If you’ve read anything on this blog, you’ve learned that business blogging is a wildly effective way to get fresh new content on your site. That’s important, because guess who loves fresh content? Search engines. The more you serve it up, the more frequently search engines visit your site, and the better your chances of showing up in front of the right people.

But what would happen if you just … stop blogging? How does that impact your site’s visibility and SEO?

what happens when you quit blogging?

This guy named Robert Ryan, an SEO expert and social media manager and WordPress developer (read: he knows his stuff) wondered the same thing. And in 2015, he stopped blogging for a full eight months and a week to find out the answer.

And wouldn’t you know it, there was a lot of fallout from this move.

  • Site traffic as a whole dropped by 32 percent
  • Organic traffic plummeted nearly by half – 42 percent
  • Site conversions fell by almost 30 percent

Those are wild numbers, and they reinforce what we know about effective and consistent blogging. It’s a must for small businesses (big ones too), and outsourcing it to the right person can make a world of difference to your bottom line.

When you blog sporadically or badly, or when you stop and start and stop again, your organic traffic suffers. And that is really the lifeline of a business, because that traffic is made up of your customers (and potential customers).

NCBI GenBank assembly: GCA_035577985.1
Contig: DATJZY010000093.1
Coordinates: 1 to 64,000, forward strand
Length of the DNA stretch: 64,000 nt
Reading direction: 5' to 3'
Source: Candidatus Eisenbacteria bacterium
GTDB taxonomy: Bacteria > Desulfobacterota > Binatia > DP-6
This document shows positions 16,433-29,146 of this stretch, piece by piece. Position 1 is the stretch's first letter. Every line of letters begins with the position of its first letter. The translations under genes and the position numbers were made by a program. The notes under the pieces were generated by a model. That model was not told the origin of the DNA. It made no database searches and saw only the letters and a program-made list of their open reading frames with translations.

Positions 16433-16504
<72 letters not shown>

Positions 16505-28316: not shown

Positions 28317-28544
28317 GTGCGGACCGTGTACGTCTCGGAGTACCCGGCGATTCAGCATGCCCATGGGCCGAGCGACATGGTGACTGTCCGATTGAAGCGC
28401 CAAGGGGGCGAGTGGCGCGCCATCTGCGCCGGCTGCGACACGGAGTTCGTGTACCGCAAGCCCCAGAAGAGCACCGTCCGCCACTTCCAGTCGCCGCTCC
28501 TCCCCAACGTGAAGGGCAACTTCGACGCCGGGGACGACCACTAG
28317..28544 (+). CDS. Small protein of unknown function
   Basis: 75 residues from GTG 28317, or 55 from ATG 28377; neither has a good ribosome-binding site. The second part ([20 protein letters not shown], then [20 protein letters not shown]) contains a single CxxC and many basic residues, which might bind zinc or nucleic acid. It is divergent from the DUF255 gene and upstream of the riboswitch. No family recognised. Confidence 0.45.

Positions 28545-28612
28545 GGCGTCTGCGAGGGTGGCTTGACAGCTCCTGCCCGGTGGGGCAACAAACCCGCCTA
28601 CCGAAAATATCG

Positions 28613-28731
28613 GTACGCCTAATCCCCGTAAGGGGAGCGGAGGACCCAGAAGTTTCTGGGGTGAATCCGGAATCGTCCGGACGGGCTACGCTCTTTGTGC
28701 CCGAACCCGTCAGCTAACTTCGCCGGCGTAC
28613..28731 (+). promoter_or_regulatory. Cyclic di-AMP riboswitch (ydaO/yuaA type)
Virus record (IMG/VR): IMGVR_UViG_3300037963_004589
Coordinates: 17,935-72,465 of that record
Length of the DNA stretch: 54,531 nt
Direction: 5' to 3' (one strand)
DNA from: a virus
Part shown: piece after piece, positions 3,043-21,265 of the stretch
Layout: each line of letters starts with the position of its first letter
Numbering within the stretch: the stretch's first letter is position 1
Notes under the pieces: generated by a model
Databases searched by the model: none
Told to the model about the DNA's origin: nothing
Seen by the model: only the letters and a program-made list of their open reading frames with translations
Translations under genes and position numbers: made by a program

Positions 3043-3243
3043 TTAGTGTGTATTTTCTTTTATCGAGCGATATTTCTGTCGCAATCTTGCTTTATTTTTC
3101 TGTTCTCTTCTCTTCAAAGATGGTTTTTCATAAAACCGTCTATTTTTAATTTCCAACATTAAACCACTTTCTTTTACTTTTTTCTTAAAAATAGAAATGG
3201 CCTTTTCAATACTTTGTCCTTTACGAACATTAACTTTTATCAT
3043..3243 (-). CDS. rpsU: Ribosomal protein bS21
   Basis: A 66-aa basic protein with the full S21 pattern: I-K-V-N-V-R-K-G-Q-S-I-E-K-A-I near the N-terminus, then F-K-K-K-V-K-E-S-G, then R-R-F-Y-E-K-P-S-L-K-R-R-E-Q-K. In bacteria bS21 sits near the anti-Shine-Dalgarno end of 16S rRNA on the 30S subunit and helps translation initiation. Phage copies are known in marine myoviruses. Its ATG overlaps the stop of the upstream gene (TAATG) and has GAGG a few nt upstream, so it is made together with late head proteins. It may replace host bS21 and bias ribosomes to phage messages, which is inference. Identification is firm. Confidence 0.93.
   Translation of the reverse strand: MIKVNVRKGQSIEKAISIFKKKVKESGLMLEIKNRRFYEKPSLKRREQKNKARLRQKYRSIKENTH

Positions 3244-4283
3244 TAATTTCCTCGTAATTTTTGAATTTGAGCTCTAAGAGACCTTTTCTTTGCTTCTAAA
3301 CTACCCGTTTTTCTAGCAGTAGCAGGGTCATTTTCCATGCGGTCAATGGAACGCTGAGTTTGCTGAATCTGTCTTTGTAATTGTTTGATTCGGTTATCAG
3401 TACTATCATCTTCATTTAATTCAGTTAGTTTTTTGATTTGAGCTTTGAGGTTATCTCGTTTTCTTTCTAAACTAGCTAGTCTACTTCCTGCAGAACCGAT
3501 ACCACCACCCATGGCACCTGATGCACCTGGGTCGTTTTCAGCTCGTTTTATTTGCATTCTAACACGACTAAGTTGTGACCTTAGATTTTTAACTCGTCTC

Blogging regularly – and well – is the difference between a dynamic website, and a static one. And let’s be real, Google’s algorithms are a mystery – no one can definitively explain how they work – but neither can we argue that quitting a blog means a big hit to organic traffic and site visibility.

Remember that your business blog doesn’t exist to sell anything. Instead, it’s a place where you provide value to people. And with that value comes connections and the opportunity to build a rapport with people. It’s a place where you build trust.

People like that. There are statistics proving it, but you don’t need numbers to prove it. Consider your own experiences. I know I’m much more likely to have the warm fuzzies for a business after reading great content on their blog.

sending the right message

There’s another consideration when you suddenly quit blogging. What kind of impression does that make on site visitors who do manage to make it over? A suddenly-untended blog seems to shout trouble. Why the sudden loss of activity? Is the business having problems? It can be a credibility killer, and no one wants that.

It’s impossible to say whether you’d have the same drastic results that Mr. Ryan experienced. But to me, it speaks volumes about the power of blogging and the value of committing to it. If you don’t have the time or the know-how, bring in someone who does.

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